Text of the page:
Some of the posters and captions do not hit home nearly as well, but given the difficulty of this art, it is not surprising. Even such skilled practitioners as the British Conservative Party can get it wrong sometimes. The main problem with this work though is its occasional lack of focus or clear political perspective, explained at least in part by Yates's for the sometime American anarchist (and sometimes reformist) Noam Chomsky.

After the visual battering of a British General Election campaign this book is worth more than a cursory glance, though revolutionary socialists will be keenest of all to separate the wheat from the chaff.
DAP.

Leaders of the Blind (1960)

From the October 1960 issue of the Socialist Standard
This is the first of a series of articles reappraising books which were part of almost every socialist's library in the early part of this century.
Ten Blind Leaders of the Blind, by Arthur M. Lewis: published in Chicago by Charles H. Kerr and Company in 1908.

This is a volume of ten lectures delivered by Mr. Lewis in America before the first world war. Mr. Lewis claims to be a Socialist, but is really, like so many others who make the same claim, only a Social Democrat (in British terms, a Labourite). Nevertheless, this book is full of interest to any Socialist.

It deals with ten politicians, writers, and philosophers. Some of them are now forgotten; a few people these days have heard of Benjamin Kidd and Professor Richard Ely. Yet it is instructive to be reminded of some of these erstwhile worthies. Bishop Spalding, for example, speaking of the contrast between rich and poor, the bishop had this to say:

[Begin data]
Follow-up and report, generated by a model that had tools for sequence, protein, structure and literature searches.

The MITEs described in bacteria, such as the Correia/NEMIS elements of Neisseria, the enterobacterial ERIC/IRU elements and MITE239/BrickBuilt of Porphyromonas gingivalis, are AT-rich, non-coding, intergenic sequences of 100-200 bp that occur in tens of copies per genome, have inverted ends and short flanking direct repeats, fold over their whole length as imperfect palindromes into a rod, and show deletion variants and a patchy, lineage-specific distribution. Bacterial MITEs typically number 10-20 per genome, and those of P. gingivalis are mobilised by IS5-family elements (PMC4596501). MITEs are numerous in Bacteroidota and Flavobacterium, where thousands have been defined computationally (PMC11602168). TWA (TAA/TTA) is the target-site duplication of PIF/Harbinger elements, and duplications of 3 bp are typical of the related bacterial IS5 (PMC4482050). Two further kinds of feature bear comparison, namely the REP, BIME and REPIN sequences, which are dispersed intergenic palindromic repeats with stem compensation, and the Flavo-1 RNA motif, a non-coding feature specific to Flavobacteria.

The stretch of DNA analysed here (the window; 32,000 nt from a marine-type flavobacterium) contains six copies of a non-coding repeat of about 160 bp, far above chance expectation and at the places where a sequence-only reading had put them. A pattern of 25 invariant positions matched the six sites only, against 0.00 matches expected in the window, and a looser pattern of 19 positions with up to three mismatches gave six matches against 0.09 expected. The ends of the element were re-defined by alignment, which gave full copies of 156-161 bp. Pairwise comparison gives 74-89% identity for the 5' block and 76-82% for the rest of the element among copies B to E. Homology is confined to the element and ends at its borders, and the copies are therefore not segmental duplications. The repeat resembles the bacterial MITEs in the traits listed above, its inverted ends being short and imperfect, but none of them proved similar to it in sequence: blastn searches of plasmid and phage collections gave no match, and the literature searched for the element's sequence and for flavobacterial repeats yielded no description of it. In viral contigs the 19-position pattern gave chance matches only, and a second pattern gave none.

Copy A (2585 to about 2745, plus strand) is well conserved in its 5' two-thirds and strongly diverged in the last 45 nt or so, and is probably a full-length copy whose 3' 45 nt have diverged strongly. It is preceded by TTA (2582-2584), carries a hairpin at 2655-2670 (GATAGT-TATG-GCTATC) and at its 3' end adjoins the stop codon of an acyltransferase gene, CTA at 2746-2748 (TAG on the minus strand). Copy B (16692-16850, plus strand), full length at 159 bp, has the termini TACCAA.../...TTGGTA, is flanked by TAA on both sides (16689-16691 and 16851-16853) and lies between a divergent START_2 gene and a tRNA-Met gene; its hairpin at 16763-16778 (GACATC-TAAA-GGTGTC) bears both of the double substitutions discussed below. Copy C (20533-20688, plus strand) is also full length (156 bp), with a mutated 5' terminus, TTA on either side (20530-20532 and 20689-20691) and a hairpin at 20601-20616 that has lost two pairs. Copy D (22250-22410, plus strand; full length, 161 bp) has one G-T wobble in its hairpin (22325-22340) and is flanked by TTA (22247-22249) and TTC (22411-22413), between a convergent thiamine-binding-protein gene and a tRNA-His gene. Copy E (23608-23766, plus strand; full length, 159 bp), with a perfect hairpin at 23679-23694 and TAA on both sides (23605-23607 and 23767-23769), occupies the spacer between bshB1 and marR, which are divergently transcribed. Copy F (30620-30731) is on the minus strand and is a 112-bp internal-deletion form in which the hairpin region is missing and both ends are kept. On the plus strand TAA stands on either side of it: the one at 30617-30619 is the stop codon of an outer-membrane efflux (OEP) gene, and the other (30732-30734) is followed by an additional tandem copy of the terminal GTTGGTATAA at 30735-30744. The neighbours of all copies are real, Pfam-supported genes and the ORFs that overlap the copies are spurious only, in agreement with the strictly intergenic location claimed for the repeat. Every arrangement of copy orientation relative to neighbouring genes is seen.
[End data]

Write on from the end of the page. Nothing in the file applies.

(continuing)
That the cause of this disparity of condition is moral rather than economic whoever observes may see; and this fact gives emphasis to the great truth that all real amelioration in the lot of human beings depends on religious, moral and intellectual conditions. Money does not make a miser rich nor its lack a true man poor . . . For the most fortunate men life is full of difficulties and troubles: for the poorest it may be filled with light, peace and blessedness.
In a Socialist State, in which the universal ideal is that of physical well-being and comfort, the sublimer moods which make saints, heroes, and men of genius possible would no longer be called forth.
So it is not only ourselves who have had to listen to bishops telling us that we are poor because of "moral conditions," and that the poorest may be "filled with blessedness," whatever that means: our forefathers had to put up with this cant as well. On the other hand, the spectacle of bishops, who are notoriously well-provided in point of "physical well-being and comfort" even to non-bishops, must have been as entertaining then as it is now.